Good night, friend. In Breton.

Tuesday saw the funeral of Yann Fouéré, who died on 20th October at the age of 101. A life-long advocate of Breton and other minority rights, founder of the Movement for the Organisation of Brittany and other political and cultural movements in Brittany, co-founder of the Celtic League and the European Free Alliance, Fouéré’s most iconic contribution to political thought was the idea of ‘the Europe of a Hundred Flags’. The phrase is a translation of the original title of his 1968 book, L’Europe aux Cents Drapeaux, published in English in 1980 as Towards a Federal Europe: Nations or States?

The phrase is much more inspiring than the book, which now appears very dated. All regionalists who have not yet achieved the degree of autonomy they desire will be disappointed with the pace of change, the resurgent intransigence and tactical slyness of the nation-states and the lack of genuine interest from those now busy building a bankers’ and bureaucrats’ Europe on the ruins of idealism.

Nevertheless, we are pleased to have counted Fouéré among our allies, just as he was to give ‘Le Wessex’ an honourable mention in his magazine, L’Avenir de la Bretagne. His book was too early for us to receive a mention there. What the book does say is that the future English region-states are “foreshadowed in the eight economic regions into which England has already been divided” but that “some adjustments may be required as far as the limits of these regions are concerned”. Commenting on the situation in the late 1970s, it goes on to say that “France and Spain are lagging behind England”. Not any more!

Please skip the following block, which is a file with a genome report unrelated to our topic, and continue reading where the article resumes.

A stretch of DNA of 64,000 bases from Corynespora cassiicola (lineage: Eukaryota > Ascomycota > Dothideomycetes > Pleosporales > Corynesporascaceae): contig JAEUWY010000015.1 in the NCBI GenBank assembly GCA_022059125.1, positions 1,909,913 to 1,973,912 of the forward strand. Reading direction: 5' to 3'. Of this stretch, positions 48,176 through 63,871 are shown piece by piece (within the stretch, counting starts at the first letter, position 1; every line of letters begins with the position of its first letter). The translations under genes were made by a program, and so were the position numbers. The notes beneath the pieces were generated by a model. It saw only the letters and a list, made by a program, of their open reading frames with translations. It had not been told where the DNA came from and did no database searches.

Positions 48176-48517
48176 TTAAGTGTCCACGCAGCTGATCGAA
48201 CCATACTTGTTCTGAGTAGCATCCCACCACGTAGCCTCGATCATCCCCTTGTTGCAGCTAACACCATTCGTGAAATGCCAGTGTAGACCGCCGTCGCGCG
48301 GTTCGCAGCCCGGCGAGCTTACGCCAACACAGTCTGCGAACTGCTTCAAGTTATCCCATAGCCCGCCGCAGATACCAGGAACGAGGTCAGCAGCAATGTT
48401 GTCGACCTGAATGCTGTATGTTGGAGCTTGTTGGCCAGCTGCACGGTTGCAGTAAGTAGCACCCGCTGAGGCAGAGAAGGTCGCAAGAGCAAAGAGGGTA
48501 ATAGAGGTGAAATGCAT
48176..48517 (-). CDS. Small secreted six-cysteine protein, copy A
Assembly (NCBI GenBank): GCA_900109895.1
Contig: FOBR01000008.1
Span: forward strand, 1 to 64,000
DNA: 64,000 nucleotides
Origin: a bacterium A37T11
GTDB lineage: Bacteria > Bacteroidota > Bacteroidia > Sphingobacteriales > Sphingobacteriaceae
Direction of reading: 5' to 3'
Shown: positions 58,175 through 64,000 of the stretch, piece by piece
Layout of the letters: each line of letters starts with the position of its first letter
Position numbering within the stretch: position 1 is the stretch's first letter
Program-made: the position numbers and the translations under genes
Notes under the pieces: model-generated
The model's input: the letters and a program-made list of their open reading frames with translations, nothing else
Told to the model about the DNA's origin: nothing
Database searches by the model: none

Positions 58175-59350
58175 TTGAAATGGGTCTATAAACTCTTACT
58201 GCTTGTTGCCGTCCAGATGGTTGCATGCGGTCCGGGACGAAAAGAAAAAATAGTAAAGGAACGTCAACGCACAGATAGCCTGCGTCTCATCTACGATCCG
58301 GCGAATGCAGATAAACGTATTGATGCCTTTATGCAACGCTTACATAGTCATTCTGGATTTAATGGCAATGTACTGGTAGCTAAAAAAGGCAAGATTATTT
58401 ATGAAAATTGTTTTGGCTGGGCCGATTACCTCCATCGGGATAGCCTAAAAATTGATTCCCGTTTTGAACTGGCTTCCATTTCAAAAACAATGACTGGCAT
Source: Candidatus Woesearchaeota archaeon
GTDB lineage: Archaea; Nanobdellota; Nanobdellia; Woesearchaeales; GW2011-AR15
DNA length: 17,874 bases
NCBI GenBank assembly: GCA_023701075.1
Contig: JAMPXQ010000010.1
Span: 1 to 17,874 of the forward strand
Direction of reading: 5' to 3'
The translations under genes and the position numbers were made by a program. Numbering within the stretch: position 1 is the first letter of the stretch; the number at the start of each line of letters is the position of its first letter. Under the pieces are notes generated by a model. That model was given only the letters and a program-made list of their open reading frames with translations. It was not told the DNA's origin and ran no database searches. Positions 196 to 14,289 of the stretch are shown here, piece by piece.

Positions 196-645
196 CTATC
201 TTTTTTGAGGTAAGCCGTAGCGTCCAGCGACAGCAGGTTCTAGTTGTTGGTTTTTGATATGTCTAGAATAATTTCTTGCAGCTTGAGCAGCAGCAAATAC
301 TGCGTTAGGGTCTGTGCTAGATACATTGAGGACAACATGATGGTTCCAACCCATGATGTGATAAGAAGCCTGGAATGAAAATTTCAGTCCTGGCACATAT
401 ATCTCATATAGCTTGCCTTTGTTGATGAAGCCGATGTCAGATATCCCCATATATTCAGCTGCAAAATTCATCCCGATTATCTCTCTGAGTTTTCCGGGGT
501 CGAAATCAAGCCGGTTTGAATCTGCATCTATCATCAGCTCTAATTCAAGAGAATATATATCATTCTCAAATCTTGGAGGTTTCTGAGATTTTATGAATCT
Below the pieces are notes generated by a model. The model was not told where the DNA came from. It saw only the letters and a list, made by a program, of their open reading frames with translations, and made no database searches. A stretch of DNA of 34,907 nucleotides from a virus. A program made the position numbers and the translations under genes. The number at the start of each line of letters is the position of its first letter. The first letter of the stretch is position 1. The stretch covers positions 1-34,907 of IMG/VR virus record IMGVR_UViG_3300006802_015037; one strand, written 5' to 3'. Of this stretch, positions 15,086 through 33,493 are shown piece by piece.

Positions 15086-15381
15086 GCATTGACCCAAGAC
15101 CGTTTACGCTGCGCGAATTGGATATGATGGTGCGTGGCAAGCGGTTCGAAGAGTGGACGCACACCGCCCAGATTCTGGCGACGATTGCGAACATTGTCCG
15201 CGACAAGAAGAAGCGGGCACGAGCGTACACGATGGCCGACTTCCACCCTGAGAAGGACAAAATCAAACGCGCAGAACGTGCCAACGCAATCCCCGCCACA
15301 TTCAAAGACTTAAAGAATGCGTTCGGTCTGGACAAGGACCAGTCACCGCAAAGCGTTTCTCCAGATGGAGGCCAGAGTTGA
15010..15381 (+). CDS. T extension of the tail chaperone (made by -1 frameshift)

Despite his flexibly federalist leanings, Fouéré posed a warning: “Could Zone No. 6 or the West-North-West Region kindle in the hearts of their citizens some kind of local patriotism, which is the condition of a vigorous local life? On pain of being purely artificial and devoid of every human warmth, the region-states should be inspired by a spirit of resistance to absorption and assimilation. If not, they would be like dead cells, and dead cells cannot make up a living body. They would soon be swallowed up by a unitary European state, using its centralized and despotic power to destroy the freedom of men and regions.”

John Prescott tried to give us precisely the kind of map that Fouéré condemned. We begged to differ and fought top-down regionalisation every inch of the way. We were right, and are right, in believing that when regional government finally triumphs it will not be under the logo flag of some ‘South West’ or ‘South East’ assembly but when the fiery standard of Wessex comes to be unfurled over the first gathering of our region’s Witan in near a thousand years.